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Re: [xsl] RE: Does the count() function require access to the whole subtree?


Subject: Re: [xsl] RE: Does the count() function require access to the whole subtree?
From: Wolfgang Laun <wolfgang.laun@xxxxxxxxx>
Date: Mon, 13 Jan 2014 12:59:58 +0100

With growing insecurity ;-)

My understanding is that count($x) may be called on the construction
of a sequence which (the construction) is not streamable, and that
calling count(...) on it does not make it streamable.

Another thing: calling count(...) doesn't require to be positioned anywhere.

-W


On 13/01/2014, Costello, Roger L. <costello@xxxxxxxxx> wrote:
> Thanks everyone, great discussion!
>
> From what you've said, it seems like the difference between inspection and
> absorption is like the difference between inspecting a book's table of
> contents versus diving into each chapter and absorbing its information.
>
> Here's my current understanding of inspection and absorption. Please let me
> know if it is not correct or not clear.
>
> Inspection
>
> 	Inspection: operations that can be performed
> 	while positioned at each item's start tag. Each
> 	item can be treated as opaque. There is no need
> 	to peek inside each item.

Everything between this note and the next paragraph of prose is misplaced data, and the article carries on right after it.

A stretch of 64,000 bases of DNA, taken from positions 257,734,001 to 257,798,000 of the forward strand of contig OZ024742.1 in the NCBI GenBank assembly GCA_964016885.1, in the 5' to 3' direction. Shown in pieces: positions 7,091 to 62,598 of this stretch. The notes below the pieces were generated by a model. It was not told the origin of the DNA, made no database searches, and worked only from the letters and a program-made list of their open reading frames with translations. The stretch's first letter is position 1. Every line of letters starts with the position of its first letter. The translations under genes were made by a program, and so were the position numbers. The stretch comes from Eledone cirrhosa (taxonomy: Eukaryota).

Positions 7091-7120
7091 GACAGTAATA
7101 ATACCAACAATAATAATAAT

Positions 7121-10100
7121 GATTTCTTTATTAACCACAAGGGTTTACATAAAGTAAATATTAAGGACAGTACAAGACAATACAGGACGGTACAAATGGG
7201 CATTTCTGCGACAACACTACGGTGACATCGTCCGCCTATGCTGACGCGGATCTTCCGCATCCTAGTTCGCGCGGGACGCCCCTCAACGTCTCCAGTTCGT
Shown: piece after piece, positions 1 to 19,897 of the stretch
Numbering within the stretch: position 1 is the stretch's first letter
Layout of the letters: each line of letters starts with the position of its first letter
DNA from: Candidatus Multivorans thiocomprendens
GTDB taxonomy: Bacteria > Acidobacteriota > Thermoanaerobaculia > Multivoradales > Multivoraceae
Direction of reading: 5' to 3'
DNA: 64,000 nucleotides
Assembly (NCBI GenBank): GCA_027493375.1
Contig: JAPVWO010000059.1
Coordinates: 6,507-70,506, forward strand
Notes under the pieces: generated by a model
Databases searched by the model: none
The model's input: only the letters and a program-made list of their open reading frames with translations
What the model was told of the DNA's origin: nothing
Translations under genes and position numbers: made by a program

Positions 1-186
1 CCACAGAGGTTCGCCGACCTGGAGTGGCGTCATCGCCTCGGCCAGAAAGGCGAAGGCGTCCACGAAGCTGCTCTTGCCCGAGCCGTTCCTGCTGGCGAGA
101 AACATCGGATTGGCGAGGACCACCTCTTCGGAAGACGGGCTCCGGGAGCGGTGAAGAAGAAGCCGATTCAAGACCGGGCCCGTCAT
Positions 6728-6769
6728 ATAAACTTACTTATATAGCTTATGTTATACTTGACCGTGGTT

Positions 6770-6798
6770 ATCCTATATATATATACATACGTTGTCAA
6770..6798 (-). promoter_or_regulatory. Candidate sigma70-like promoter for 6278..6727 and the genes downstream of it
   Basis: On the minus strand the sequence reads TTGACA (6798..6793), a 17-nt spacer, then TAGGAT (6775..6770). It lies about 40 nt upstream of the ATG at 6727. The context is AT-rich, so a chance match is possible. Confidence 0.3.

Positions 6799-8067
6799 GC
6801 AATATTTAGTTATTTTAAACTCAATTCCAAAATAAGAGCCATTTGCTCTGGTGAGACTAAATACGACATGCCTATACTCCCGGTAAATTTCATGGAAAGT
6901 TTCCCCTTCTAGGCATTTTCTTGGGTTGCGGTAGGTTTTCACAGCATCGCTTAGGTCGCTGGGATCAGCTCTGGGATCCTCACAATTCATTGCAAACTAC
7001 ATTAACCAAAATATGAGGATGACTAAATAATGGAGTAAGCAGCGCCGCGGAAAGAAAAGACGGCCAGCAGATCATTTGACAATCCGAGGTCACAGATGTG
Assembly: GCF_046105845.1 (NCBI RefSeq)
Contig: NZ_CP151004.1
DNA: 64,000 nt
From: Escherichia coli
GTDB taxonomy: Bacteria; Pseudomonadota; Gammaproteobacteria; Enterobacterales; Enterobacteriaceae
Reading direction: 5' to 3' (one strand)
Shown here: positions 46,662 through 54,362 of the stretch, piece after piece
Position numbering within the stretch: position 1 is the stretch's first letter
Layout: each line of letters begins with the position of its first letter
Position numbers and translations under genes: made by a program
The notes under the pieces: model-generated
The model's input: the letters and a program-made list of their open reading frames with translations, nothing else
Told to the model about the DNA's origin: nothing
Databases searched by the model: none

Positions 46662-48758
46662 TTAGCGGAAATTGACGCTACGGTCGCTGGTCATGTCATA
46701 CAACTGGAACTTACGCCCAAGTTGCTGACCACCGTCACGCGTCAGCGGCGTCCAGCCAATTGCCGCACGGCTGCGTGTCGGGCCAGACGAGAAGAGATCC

>
> 	These are inspection operations: count(), exists(),
> 	name().
>
> 	Consider a sequence of items. The function count()
> 	can count each item in the sequence, without peeking
> 	inside each item.
>
> 	Inspection operations are those that require only a
> 	surface understanding of the items: we merely skim
> 	the items.
>
> Absorption
>
> 	Absorption: operations that require going inside each
> 	item.
>
> 	These are absorption operations: string(), data(),
> 	xsl:value-of.
>
> 	Consider a sequence of items. The function string()
> 	requires going inside each item in the sequence to
> 	collect and concatenate all the values.
>
> 	Absorption operations are those that require a deep
> 	understanding of the items: we must absorb all the
> 	information in the items.


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